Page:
The enthralling mast-filled port town of St-Malo has a cinematically changing landscape. With one of the world's highest tidal ranges, brewing storms under blackened skies see waves lash the top of the ramparts ringing its beautiful walled city. Hours later, the blue sky merges with the deep marine-blue sea, exposing beaches as wide and flat as the clear skies above and creating land bridges to the granite outcrop islands.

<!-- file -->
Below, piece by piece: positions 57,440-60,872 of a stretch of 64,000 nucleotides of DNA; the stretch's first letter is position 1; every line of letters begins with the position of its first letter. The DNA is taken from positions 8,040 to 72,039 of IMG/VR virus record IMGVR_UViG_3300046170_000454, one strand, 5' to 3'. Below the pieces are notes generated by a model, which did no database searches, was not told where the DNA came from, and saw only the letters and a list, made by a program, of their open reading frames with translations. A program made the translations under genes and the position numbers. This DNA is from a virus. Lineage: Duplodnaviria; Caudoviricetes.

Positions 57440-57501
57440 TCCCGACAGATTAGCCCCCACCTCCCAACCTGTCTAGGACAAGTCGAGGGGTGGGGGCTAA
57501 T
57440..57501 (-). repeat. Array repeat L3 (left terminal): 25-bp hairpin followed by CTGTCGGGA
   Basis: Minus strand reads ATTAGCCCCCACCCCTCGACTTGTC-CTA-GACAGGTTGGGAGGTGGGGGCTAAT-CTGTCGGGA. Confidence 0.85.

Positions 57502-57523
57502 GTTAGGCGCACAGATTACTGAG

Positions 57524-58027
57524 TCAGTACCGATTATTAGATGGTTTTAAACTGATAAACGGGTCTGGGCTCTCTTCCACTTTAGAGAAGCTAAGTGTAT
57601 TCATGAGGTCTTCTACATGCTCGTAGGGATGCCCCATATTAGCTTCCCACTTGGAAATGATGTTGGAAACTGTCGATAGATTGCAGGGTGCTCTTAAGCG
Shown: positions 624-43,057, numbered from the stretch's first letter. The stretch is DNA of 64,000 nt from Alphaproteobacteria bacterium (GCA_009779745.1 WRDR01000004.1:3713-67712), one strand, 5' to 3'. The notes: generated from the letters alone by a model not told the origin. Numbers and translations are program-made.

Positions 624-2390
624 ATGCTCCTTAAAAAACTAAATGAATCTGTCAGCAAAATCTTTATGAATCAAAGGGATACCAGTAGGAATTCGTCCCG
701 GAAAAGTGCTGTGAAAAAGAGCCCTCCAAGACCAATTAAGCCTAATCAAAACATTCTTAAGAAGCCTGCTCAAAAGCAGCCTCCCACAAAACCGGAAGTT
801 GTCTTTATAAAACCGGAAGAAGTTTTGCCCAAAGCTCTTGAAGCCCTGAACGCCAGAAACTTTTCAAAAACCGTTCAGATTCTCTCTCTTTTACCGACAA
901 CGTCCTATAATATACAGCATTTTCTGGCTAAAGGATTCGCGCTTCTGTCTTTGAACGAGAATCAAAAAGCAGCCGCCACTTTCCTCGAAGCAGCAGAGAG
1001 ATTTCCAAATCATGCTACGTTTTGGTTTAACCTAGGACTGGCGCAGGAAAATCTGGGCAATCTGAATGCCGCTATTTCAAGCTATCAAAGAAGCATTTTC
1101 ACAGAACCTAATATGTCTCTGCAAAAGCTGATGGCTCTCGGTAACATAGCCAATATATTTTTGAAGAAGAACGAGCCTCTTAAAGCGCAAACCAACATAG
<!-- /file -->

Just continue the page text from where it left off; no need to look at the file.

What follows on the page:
Construction of the walled city's fortifications began in the 12th century. The town became a key port during the 17th and 18th centuries as a base for both merchant ships and government-sanctioned privateers (pirates, basically) against the constant threat of the English. These days English arrivals are tourists, for whom St-Malo, a short ferry hop from the Channel Islands, is a summer haven.